As others have written, he was always cordial and quite generous with his time and expertise. He also enjoyed sharing his self-effacing wit. Asked how to pronounce his name, he told the asker “It’s ‘Bisguier’ as in ‘misfire’.”

    Art richly deserved his designation as “Dean of American Chess.” The game has had few champions as personable, and he’ll be widely missed.

  4. We’ve lost one of our last links to the chess scene of the Forties and Fifties. In addition to being a grandmaster and US Champion, Art was a great raconteur and ambassador for chess. When I worked at US Chess in the mid-Eighties, our conversations (sometimes amounting to free lessons) were instrumental in my attaining the Master title. I never could maintain the 2200 rating, but my memories of Art Bisguier and my gratitude remain.

  5. If my information is correct, GM Arthur held the honorary position of Dean of American Chess. If so, who will succeed him?

  6. Arthur was my teammate four years ago at the USATE, his last event outside his local chess club, which was part of my motivation to participate. He still played at or near master level there at age 83 and we won the Senior prize. I enjoyed talking with him between rounds. We played three times back in or around the 1970s (all draws). If we could ask him who should succeed him as “Dean of American Chess”, I can imagine with his great sense of humor he might reply “Dean Ippolito”, as the highest rated “Dean”! Arthur will be missed.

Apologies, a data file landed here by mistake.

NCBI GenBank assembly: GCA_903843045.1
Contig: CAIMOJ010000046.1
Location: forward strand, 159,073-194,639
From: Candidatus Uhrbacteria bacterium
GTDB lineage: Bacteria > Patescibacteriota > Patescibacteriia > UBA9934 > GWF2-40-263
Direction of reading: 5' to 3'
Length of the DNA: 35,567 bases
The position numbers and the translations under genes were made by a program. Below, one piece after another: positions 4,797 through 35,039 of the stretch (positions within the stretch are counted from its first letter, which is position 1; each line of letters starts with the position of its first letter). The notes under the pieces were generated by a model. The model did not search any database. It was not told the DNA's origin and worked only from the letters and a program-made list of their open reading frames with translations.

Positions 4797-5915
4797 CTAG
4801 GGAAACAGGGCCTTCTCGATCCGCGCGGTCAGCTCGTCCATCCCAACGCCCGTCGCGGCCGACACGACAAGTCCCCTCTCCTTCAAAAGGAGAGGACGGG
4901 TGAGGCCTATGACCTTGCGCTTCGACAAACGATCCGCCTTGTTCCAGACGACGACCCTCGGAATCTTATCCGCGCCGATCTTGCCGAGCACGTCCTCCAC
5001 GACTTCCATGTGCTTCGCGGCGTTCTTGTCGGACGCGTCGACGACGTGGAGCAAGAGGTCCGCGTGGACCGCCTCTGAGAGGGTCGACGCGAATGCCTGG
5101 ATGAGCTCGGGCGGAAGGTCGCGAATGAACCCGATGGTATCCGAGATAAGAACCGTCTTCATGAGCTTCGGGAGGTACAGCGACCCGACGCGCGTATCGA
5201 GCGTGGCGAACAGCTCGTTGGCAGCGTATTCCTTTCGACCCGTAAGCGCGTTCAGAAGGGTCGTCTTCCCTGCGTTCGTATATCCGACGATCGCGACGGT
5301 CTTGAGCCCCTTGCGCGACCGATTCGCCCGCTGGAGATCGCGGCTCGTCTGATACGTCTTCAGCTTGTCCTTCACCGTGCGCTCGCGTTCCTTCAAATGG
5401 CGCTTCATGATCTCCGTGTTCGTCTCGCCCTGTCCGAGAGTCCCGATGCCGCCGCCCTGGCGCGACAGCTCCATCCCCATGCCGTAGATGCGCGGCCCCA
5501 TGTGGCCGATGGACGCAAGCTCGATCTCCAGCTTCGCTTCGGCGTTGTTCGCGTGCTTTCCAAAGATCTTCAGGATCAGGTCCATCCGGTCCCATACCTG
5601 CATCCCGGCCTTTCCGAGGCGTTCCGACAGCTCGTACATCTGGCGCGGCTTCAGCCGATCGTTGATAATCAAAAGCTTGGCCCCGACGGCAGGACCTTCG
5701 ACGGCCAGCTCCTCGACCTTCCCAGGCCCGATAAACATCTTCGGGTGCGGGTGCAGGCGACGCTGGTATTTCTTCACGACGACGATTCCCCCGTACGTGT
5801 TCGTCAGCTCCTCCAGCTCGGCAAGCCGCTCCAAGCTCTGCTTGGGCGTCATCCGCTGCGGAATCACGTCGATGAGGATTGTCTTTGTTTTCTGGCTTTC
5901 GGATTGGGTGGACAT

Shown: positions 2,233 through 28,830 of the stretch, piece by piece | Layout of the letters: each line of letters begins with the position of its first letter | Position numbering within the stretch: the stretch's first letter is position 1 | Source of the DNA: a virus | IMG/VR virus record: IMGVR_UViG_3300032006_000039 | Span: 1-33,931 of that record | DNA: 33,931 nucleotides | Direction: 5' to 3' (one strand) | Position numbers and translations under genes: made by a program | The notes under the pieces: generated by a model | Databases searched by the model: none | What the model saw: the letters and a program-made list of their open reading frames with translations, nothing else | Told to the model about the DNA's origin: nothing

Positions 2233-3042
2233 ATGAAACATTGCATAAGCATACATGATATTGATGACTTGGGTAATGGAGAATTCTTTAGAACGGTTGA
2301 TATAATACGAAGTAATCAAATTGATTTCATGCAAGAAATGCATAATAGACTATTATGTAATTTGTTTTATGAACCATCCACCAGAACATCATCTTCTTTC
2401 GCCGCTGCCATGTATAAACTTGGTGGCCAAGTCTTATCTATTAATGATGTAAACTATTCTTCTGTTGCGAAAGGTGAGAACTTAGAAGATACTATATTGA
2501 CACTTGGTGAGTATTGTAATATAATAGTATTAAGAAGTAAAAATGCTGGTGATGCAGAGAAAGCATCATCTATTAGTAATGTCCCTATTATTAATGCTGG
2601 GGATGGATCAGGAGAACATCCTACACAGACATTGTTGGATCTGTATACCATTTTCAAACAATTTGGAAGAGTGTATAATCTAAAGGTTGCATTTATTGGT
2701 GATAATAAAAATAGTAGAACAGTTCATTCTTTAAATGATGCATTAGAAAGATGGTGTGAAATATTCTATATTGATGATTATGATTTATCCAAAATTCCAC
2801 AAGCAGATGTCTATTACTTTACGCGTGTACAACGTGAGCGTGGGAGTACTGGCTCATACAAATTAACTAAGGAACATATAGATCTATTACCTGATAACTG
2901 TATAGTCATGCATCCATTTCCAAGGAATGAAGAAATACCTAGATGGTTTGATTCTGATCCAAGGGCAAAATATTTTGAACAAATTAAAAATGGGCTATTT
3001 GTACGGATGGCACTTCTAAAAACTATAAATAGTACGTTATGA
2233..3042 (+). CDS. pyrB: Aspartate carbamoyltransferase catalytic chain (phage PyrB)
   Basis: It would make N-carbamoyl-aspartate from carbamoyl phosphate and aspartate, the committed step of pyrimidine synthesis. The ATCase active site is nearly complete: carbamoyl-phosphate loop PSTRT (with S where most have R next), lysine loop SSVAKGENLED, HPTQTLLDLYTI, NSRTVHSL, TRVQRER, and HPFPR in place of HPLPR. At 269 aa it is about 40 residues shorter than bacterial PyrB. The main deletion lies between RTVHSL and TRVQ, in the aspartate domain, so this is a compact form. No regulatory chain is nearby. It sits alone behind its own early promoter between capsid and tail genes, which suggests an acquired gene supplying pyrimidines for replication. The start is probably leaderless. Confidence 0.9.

7. Why nifty INTERNATIONAL FIDE CHESS GRANDMASTER Mr. LARRY KAUFMAN yo..surely you jest .. you sprightly feisty survival STILL KICKING wonder kid, no way. IN HONOR OF GRANDMASTER BISGUIER… The one the only JOHN DONALDSON, THE TITANIC DEAN OF AMERICAN CHESS the disgustingly pleasant international chess diplomat/world chess literary wonder who has personally brought THRILLING ALEKHINE,RUBINSTEIN,FISCHER pages to Amazon books reborn… world champion chess TEAM USA 2016 BAKU OLYMPIAD CAPTAIN and UNBELIEVABLE long time director of the Mechanics Institute chess rooms of San Francisco.. the all American good guy/organizational wizard , author of all those astonishing historical caves, those 700 plus and counting, absolutely free- on -Friday world chess treasure TO THE WORLD San Francisco Mechanics Institute snap- crackle cackle- and pop M.I. chess bulletins which the entire world can sign up for today and get rocketed to their e mail box for a lifetime!!!! And oh man…have you, the chess analyst supremo and ever the squinty eyebrowed suspicious chess critic/ referee magnificent ..checked out the ‘THIS IS THE END’ the John Donaldson ‘stinger to remember’ at the end of every Donaldson MI bulletin?.. Oh my (thanks Yasser Seirawan!).. a multi diagram chess challenge from the seven wonders of the chess literary world? Suitable for children and all class readers. Must be seen to be believed..You will be jumping out of your future wheelchair when you reach age 105! .. By the way I know another player who would be a quite astonishing, suitable DEAN OF AMERICAN CHESS … A splendid Dean of American Chess who was honored with a visit by titanic former world chess champion Kasparov in his American chess classroom. Now MR. LARRY KAUFMAN just guess who… “No peeking now!” (Thanks K.R. Smith!)at the top secret Captain Midnight mystery answer card hidden just today in a New Orleans city park 250 year old oak tree..but we provide one merciful hint because it is DEEP mystery.. his last name begins with “K”.. and, no, it is not Korchnoi,Karpov , Kramnik or Kasparov …give up? another hint.. the man is here there and everywhere in chess history. Jude Acers/ New Orleans